|Publication number||US5669263 A|
|Application number||US 08/602,096|
|Publication date||Sep 23, 1997|
|Filing date||Feb 15, 1996|
|Priority date||Mar 4, 1995|
|Also published as||DE19507616A1, DE19507616B4, EP0731343A2, EP0731343A3, EP0731343B1|
|Publication number||08602096, 602096, US 5669263 A, US 5669263A, US-A-5669263, US5669263 A, US5669263A|
|Inventors||Kerstin Borchers, Joachim-Christian Politt, Holger Schroter|
|Original Assignee||Gestra Aktiengesellschaft|
|Export Citation||BiBTeX, EndNote, RefMan|
|Patent Citations (4), Referenced by (32), Classifications (15), Legal Events (6)|
|External Links: USPTO, USPTO Assignment, Espacenet|
1. Field of the Invention
The present invention relates to a probe for monitoring liquid in a container.
2. The Prior Art
In the event of a defect in the insulating cover, for example, fracture of a ceramic insulation cover, it is possible in connection with such probes that medium leaks from the container into the interior space of the housing of the probe, and from there possibly into the environment. Especially when used under high temperatures and pressures as prevailing, for example, in connection with high-pressure steam, this results in a great hazard for persons present within the proximity of the probe.
It is an object of the present invention to provide a probe for monitoring liquid in a container, which can be used without danger within a wide temperature and pressure range.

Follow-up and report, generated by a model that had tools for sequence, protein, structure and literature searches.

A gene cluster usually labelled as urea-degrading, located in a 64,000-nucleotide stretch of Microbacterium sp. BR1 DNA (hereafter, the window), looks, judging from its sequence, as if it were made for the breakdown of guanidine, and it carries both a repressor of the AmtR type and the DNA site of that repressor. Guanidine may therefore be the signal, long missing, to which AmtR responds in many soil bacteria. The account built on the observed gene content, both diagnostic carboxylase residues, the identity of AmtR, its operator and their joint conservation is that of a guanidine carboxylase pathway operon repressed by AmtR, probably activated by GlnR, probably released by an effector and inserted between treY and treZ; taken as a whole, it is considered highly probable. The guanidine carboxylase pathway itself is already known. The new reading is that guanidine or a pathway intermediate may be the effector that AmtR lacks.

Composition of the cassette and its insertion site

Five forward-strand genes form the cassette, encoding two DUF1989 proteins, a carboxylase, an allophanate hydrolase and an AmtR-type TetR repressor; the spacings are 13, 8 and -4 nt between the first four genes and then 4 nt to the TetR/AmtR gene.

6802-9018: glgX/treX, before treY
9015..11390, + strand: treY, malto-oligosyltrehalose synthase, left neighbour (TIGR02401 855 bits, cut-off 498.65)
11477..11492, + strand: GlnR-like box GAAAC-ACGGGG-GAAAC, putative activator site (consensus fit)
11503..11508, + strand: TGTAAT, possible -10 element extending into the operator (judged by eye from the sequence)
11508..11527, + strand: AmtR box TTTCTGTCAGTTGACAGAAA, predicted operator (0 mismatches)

This object is achieved by a probe for monitoring liquid in a container, with a probe housing to be mounted on the container, a sensor electrode projecting into the container, and an insulation cover surrounding the sensor electrode in the container and supported sealing on the probe housing, characterized in that the interior space of the probe housing has a first chamber close to the container and a second chamber remote from the container, as well as a separation wall present between said chambers, said wall being provided with a passage opening; the sensor electrode or an electrical conductor connected therewith extends from the first chamber through the passage opening and into the second chamber; the walls of the first chamber close to the container, including the separation wall is designed pressure-proof; and provision is made for means sealing the passage opening pressure-tight.